Today, companies wishing to become listed and their advisers undertake extensive work during an IPO process, including in connection with the drafting of the prospectus. However, spectacular cases such as the Hafnia, Bank Trelleborg and OW Bunker cases show that prospectus liability cases can arise in the wake of IPOs if things subsequently go wrong with the companies. This article shows that while the current Danish regulation makes it possible to draw up good and adequate prospectuses, it hardly contains such checks and balances which ensure that investors in all cases receive the information they could wish for. With the aim to maintain a sustainable stock market in Denmark, the article presents several recommendations primarily based on ATP’s many years of experience as investor in almost all Danish IPOs – including the OW Bunker-case. First, a listing candidate should try to act as a listed company as early as possible and should prepare the same information about the company as a listed company would. Second, a listing candidate and its advisers should ensure a thorough due diligence process to provide the basis for the preparation of the prospectus. Third, a listing candidate and its advisers should prepare the prospectus with the objective of providing a suitable and relevant level of information to enable potential investors to make well-informed investment decisions. Fourth, a listing candidate and its advisers should make sure that a separate and proper verification process is in place, making it possible for the verification attorney to confirm whether the information in the prospectus is correct and whether any significant facts or circumstances concerning the company have been left out. Following these recommendations will hopefully make it possible for many more Danish companies to raise capital via IPOs and thus increase the number of companies that seek a listing on Nasdaq Copenhagen.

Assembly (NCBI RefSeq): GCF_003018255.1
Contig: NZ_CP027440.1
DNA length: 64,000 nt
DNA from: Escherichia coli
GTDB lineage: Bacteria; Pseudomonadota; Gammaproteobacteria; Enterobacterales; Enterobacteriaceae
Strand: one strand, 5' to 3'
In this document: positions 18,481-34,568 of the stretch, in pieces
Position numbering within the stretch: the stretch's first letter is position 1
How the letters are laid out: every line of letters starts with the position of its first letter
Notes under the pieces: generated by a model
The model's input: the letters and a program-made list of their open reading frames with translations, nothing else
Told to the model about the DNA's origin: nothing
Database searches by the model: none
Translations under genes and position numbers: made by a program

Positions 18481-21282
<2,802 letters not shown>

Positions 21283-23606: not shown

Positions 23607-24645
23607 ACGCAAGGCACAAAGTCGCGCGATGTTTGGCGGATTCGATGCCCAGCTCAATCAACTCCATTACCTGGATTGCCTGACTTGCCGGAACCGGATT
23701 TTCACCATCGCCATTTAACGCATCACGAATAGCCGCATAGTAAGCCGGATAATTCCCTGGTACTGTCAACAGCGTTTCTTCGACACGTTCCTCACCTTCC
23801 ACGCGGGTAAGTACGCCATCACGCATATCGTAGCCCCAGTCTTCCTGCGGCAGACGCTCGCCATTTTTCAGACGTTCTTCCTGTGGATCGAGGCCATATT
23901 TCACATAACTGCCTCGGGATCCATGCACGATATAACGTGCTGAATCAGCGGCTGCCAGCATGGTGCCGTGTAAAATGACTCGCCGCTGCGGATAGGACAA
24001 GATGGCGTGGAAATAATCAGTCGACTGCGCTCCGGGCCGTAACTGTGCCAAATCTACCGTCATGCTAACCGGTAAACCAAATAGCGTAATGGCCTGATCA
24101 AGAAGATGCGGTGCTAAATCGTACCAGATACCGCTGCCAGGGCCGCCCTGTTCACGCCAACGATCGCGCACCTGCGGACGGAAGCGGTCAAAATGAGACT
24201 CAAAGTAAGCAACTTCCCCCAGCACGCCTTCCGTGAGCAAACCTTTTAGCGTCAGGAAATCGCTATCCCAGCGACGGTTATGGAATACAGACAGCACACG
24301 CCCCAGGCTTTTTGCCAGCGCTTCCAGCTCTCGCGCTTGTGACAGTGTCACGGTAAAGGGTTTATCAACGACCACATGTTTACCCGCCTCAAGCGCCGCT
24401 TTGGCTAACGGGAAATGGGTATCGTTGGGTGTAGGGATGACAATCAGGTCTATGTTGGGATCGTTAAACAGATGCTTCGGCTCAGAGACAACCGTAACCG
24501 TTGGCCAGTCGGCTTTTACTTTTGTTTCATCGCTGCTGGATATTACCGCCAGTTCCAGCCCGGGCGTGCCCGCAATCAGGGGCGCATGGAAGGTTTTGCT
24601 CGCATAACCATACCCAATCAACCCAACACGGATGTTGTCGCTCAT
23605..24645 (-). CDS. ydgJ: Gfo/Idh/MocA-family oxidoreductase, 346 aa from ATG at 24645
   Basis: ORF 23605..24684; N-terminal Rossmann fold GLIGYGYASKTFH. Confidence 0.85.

. In the period 2013-2022 ATP participated in 12 out of a total of 15 ordinary listings (not counting transfers from First North, spin-offs and the listings a few financial institutions (two “sparekasser” and one real estate company)) on Nasdaq Copenhagen.